Daily Agenda: Recalibrating to the Fed

Markets pop on the central bank’s dovish talk; Abe loses a key ally as Amari resigns; UK GDP shows signs of improvement; Barings’ Matthew Whitbread on the FOMC.

Crude oil and emerging markets equities rose on Thursday as investors digested the message delivered Wednesday by the Federal Reserve. The Federal Open Market Committee noted that Fed policymakers are closely monitoring macro risk factors, including slowing demand in China and Europe. The major question facing market participants is whether the Fed will follow the course of rate hikes that it has scripted, or will refrain from further increases for a prolonged period. In a note to clients earlier this week, Jeffery Saret and Alex Dementiev of Two Sigma Investments noted many previous episodes of market adjustments to Fed policy, including the so-called taper tantrum during the summer of 2013, that proved destabilizing. According to their view, another tantrum could occur after the March 18 FOMC meetings if the Fed forces the market to reevaluate its expectations. “The U.S. Federal Reserve expects to hike interest rates four times during 2016 while the market projects only two hikes,” wrote Saret and Dementieve. “Something has to give.”

Japan’s Amari steps down because of scandal. On Thursday, Japanese Economy Minister Akira Amari resigned after allegations that he accepted cash from corporate leaders in return for using his political influence. Amari has been a critical part of the Abe administration’s stimulus strategy as well acting as the Japanese government’s primary negotiator during the Trans-Pacific Partnership trade discussions.

UK GDP improves. Gross domestic product data released by the British Office for National Statistics on Thursday revealed that the country’s economy grew modestly in the final three months of 2015, with the headline index expanding by 0.5 percent. As has been the case in recent quarters, service-sector activity was primarily responsible for the expansion. Despite marginally improving fundamentals and low unemployment levels, most analysts anticipate that Bank of England policymakers will retain historic low interest rates through the remainder of the year as deflationary pressures persist.

Potash cuts dividend. Potash Corp. of Saskatchewan announced Thursday the first reduction in dividend payments in the fertilizer producer’s history as a public company after lowering earnings guidance. The company has felt the impact of declining demand for agricultural products from developing economies in recent years and recently announced the closure of a potash mine in New Brunswick.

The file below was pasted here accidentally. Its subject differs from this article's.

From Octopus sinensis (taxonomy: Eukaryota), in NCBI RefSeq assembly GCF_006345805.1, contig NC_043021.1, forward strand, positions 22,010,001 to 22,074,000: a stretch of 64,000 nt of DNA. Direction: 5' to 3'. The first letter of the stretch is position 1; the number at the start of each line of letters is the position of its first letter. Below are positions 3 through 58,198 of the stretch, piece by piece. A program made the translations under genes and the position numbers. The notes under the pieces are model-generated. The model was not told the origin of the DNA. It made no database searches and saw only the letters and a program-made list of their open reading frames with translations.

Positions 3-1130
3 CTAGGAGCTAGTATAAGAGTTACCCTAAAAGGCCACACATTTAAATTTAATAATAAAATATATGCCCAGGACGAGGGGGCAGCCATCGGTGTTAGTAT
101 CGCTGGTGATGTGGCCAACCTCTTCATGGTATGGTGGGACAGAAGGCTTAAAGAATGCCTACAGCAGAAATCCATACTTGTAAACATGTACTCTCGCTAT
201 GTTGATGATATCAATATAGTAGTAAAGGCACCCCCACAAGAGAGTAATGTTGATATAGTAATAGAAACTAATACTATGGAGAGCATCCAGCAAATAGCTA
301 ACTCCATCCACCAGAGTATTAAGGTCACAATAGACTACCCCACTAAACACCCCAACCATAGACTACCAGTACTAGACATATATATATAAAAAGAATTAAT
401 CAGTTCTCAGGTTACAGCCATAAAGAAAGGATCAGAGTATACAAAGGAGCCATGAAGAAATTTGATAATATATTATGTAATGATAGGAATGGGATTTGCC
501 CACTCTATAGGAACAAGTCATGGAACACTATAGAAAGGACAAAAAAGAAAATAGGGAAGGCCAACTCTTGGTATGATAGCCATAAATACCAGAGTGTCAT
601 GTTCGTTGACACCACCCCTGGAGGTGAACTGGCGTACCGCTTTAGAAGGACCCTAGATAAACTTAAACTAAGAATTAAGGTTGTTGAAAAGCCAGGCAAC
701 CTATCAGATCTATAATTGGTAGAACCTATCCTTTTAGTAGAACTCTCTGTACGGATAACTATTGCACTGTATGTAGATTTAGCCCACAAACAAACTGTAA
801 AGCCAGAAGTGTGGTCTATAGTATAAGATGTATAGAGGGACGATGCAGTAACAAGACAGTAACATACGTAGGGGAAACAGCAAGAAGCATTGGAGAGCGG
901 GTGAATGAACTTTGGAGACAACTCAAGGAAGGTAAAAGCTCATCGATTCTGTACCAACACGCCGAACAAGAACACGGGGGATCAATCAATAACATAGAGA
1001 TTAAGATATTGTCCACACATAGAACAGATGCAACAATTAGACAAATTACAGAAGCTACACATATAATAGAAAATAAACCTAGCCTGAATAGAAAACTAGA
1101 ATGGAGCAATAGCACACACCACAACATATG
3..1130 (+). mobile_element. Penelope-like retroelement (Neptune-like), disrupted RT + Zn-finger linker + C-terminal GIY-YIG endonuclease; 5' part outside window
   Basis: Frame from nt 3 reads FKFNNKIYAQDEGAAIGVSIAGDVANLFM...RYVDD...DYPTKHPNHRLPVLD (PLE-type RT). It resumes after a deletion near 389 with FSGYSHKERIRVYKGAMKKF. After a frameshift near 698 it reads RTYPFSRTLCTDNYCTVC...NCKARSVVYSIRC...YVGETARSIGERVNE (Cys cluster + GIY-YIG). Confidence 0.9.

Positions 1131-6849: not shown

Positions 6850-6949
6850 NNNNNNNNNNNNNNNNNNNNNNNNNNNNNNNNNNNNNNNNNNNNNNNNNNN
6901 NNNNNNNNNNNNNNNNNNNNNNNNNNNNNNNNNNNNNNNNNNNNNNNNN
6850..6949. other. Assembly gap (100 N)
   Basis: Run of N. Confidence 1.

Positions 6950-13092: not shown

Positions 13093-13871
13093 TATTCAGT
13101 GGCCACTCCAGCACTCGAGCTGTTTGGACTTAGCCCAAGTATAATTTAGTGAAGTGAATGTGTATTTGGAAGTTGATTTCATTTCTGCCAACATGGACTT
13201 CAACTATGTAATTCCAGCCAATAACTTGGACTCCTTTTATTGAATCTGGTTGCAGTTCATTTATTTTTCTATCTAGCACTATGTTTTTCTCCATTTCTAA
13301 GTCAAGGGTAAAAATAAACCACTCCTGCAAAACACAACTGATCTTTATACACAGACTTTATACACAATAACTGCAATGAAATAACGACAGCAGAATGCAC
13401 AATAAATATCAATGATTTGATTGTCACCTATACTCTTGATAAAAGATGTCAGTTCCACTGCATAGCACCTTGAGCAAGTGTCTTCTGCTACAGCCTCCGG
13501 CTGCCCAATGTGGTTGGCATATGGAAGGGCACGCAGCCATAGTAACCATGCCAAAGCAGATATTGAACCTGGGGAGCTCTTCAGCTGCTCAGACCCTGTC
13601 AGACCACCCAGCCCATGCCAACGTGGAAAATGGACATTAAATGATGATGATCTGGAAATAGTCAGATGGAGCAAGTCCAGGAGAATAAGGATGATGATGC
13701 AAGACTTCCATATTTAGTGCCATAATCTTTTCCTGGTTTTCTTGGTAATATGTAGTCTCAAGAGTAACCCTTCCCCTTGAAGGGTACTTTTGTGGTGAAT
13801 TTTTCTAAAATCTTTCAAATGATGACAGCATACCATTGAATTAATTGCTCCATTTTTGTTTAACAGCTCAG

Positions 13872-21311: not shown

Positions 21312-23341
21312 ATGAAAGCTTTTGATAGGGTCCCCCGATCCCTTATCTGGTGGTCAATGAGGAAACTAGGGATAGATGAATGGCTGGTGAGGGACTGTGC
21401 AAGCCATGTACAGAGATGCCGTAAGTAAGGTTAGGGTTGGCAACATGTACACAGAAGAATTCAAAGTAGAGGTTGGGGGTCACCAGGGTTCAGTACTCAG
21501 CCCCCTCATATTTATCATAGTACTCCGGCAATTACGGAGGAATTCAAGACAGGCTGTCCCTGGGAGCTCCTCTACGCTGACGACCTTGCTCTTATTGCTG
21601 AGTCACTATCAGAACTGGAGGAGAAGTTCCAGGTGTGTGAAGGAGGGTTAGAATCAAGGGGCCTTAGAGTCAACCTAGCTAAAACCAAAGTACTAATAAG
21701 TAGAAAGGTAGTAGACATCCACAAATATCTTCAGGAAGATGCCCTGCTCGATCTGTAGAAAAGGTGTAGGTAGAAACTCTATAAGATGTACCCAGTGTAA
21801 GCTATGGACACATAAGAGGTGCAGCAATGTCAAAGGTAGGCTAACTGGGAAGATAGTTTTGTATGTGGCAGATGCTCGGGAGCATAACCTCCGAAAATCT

Jobless claims drop sharply. Weekly initial unemployment benefit claims data released today by the Department of Labor fell by 16,000 to 278,000 after reaching a multi month high the prior week. The data may have been impacted by severe weather conditions in some parts of the nation and a truncated week due to the Martin Luther King Jr. holiday.

Portfolio Perspective: Markets may be surprised by the Pace of Fed Tightening

The Federal Reserve’s January press release provided little surprise or new insight for investors. The Fed’s relatively consistent language would suggest that they do not believe the recent equity market sell-off and further declines in the price of oil will restrain economic activity. The FOMC’s view that energy price weakness and dollar strength are “transitory” remains unchanged; however, they acknowledged in the statement that inflation will remain low in the near-term due to further declines in energy prices. This is about as close as the FOMC can get to acknowledging the balance of risk has shifted a bit more negative without signaling to the market a meaningful shift in policy stance. In addition, Fed officials attributed the recent economic weakness in part to a slowdown in inventory investment. This too may prove to be a “transitory” weakness due to the highly cyclical nature of inventory investment.

Despite the shift in risk, the Fed’s statement does not rule out the possibility of a second rate hike in March. However, improvements in the economic data and/or financial market conditions will likely be necessary for the Fed to continue tightening policy in March. Further declines in oil, gains in the dollar, widening credit spreads or signs of instability from China are a few examples of market developments that could lead to a rate-hike delay similar to what we witnessed last September. A decision to delay tightening in March would not mean December’s initial rate hike was a policy error, but it would raise the importance of improving economic data to convince investors that economic growth will expand during this phase of policy “normalization.”

As it stands currently, the market is pricing in only one rate hike throughout 2016, based on fed-fund futures, while the Fed’s dot-plots suggest four rate increases by the year-end. The reality will likely be somewhere in the middle, but if the economic data continues to strengthen the market could be surprised by the pace of tightening.

Matthew S. Whitbread is the investment manager of multi-asset, North America for Barings in Boston.